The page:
The European Council will meet later this week (17-18 October). This meeting is particularly significant as it’s the last scheduled EU leaders’ meeting before the scheduled Brexit date of 31 October.

The European Union (Withdrawal) (No. 2) Act 2019. – also known as the ‘Benn Act’ – passed by Parliament in September, places several requirements on the Government which also make this European Council meeting significant. This Insight sets out the different Brexit scenarios that could unfold following the meeting.

What does the ‘Benn Act’ do?

The ‘Benn Act’ requires that the Government requests an Article 50 extension and seeks to defer the Brexit date until 31 January 2020 if:

  • a withdrawal agreement has not been approved by the House of Commons by 19 October; and
  • if the Commons has not approved a motion to leave the EU without a deal by this date.

The flowchart below maps out the different scenarios, depending on whether a deal has been agreed and approved by the House of Commons by 19 October (scenario 1) or no agreement has been reached by that point (scenario 2).

A flowchart showing two possible scenarios following the European Council meeting on 17-18 October.
View larger version.

Scenario 1: A deal is reached with the EU by 19 October

The Government set out proposals to revise the Withdrawal Agreement (previously agreed by the UK and EU in November 2018) on 2 October. These proposals relate specifically to the protocol on Ireland/Northern Ireland. The EU said there were major problems with these proposals. But the UK and the EU then agreed to intensify discussions about a possible compromise solution.

The European Council meeting will be the last opportunity for EU leaders to agree on any revisions to the Withdrawal Agreement. If agreement has been reached, the House of Commons could then be required to sit on Saturday 19 October to vote on a motion to approve it. If MPs reject the agreement, they could then vote on a motion to leave the EU without a deal (see scenario 2).  

Even if a revised Withdrawal Agreement is agreed with the EU and has been approved by the House of Commons on/before the 19 October, there will still be obstacles to leaving the EU with an agreement by 31 October.

What are the obstacles to leaving with a deal on 31 October?


The timescale would be tight. There would only be eight scheduled sitting days, and 11 days in total, for Parliament to pass a Withdrawal Agreement Bill to implement the Agreement by 31 October. In the past, the number of days required for Parliament to pass legislation to implement major EU Treaty changes has been as high as 41 (the Maastricht Treaty). The less controversial Nice Treaty took 11 days.

Consent from the European Parliament

Consent would also be required from the European Parliament (EP). The EP will be sitting in plenary from 21-24 October so could hold a vote of consent in this session. The EP’s Constitutional Affairs Committee would need to meet and adopt a report and consent motion on the agreement first. The EP has already said that the proposed revisions tabled by the Government are not something that it could agree on but it may be happy with any compromise that emerges.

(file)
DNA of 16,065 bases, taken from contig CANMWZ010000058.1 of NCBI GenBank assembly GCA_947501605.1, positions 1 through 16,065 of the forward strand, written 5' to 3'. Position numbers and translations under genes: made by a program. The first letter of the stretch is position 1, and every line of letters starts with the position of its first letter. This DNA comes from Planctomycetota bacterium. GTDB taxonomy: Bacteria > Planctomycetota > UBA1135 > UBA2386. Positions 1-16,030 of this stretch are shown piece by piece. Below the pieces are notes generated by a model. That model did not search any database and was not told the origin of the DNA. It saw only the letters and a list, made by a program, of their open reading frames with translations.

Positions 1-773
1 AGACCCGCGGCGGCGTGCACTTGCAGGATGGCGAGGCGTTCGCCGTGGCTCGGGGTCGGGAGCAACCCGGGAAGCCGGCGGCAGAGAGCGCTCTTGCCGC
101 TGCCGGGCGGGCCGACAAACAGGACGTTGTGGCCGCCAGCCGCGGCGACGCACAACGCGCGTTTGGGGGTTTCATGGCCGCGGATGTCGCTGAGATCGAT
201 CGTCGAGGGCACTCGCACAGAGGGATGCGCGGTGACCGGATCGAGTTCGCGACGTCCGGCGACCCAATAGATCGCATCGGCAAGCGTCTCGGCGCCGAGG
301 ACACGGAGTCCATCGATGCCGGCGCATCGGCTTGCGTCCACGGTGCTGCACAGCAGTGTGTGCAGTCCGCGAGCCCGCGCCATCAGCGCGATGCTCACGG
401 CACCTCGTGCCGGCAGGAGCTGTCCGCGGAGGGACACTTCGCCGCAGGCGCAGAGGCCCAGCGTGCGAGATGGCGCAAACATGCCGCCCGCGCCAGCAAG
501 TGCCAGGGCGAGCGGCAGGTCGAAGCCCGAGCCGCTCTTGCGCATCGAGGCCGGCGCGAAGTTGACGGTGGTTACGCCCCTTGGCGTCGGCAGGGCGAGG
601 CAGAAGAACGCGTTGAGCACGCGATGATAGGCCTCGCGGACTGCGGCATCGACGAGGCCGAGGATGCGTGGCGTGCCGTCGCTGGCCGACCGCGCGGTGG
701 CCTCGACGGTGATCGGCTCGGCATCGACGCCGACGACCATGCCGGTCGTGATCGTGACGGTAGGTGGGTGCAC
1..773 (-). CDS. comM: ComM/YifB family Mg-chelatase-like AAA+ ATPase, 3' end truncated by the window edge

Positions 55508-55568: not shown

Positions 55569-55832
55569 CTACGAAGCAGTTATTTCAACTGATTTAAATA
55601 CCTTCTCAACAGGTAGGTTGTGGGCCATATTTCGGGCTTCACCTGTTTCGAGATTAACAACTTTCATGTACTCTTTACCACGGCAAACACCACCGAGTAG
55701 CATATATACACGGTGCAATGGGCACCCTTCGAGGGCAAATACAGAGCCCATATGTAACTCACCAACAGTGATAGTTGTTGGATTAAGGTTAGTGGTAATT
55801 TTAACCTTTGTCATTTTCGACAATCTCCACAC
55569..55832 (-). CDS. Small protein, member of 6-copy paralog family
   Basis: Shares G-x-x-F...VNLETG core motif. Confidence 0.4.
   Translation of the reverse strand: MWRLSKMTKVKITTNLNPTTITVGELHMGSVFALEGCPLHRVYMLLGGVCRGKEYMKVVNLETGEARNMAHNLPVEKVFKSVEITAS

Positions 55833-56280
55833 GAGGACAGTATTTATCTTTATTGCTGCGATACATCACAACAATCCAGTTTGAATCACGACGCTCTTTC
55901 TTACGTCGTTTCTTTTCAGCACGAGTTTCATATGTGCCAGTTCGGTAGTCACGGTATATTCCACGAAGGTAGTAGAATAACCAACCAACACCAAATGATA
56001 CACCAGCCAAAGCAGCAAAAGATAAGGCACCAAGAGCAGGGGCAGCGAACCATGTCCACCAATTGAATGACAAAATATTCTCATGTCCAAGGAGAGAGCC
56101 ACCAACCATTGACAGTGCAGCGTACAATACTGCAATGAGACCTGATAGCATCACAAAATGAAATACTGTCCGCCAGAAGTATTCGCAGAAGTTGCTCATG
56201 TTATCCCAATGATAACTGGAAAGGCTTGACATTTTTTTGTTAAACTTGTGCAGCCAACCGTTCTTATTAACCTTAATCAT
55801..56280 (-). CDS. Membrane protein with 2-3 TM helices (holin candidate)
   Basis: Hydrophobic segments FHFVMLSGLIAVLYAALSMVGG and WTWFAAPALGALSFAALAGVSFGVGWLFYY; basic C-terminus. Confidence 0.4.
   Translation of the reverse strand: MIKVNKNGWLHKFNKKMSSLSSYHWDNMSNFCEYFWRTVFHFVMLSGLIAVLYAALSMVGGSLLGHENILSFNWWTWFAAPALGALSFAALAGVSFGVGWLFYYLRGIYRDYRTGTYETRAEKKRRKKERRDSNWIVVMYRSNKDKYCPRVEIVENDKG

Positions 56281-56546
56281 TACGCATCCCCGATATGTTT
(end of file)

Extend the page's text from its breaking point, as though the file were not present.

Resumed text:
A technical extension

If a withdrawal agreement has been approved in the Commons by 19 October, the provisions of the ‘Benn Act’ will no longer apply. However, a further ‘technical extension’ might be required in order to provide time for a Bill to be passed in the UK Parliament, and for European Parliament consent to be secured. Failure to pass the necessary legislation in the UK or to secure the consent of the European Parliament should a technical extension be agreed could still result in the UK leaving the EU without a deal at a later date.

Scenario 2: No deal has been reached with the EU by 19 October

If a deal has not been reached, then there could be a Commons vote on 19 October on a motion to leave the EU with no deal on 31 October. If the Commons rejects this option, then the ‘Benn Act’ requires that the Prime Minister write to the President of the European Council requesting an Article 50 extension until 31 January 2020. If the European Council agrees to this extension the Prime Minister is then required to inform the European Council that the UK also agrees to it.

However, if the European Council agrees to an extension, but to a date other than 31 January, the ‘Benn Act’ provides that the Prime Minister can either agree to that extension or ask the House of Commons (within two calendar days) whether it wishes to approve that extension. 

If the House of Commons “decides not to pass” a motion approving the extension, the Prime Minister can choose whether or not to agree to the extension. At this point the Government could then agree this date, seek to agree another date, or the UK could leave the EU without a deal.

No-deal remains the default

If an extension to Article 50 is agreed – either to 31 January or another date – the default position will be that the UK leaves the EU without a deal. Unless Article 50 is revoked, the only way a no-deal Brexit can be prevented is if MPs approve a withdrawal agreement, the legislation needed to implement the agreement passes through the Commons and the Lords, and the European Parliament consents to the agreement.

The different routes to leaving with or without a deal are mapped out in the flowchart above. These are based on the presumption that the UK will not revoke the Article 50 notice and that the EU will not wish to extend the Article 50 period indefinitely.

Further reading:

About the author: Stefano Fella is a senior researcher in international affairs and defence at the House of Commons Library, specialising in Brexit.

Flowchart by Sandip Samra, Digital Communications & Marketing Manager at the House of Commons Library.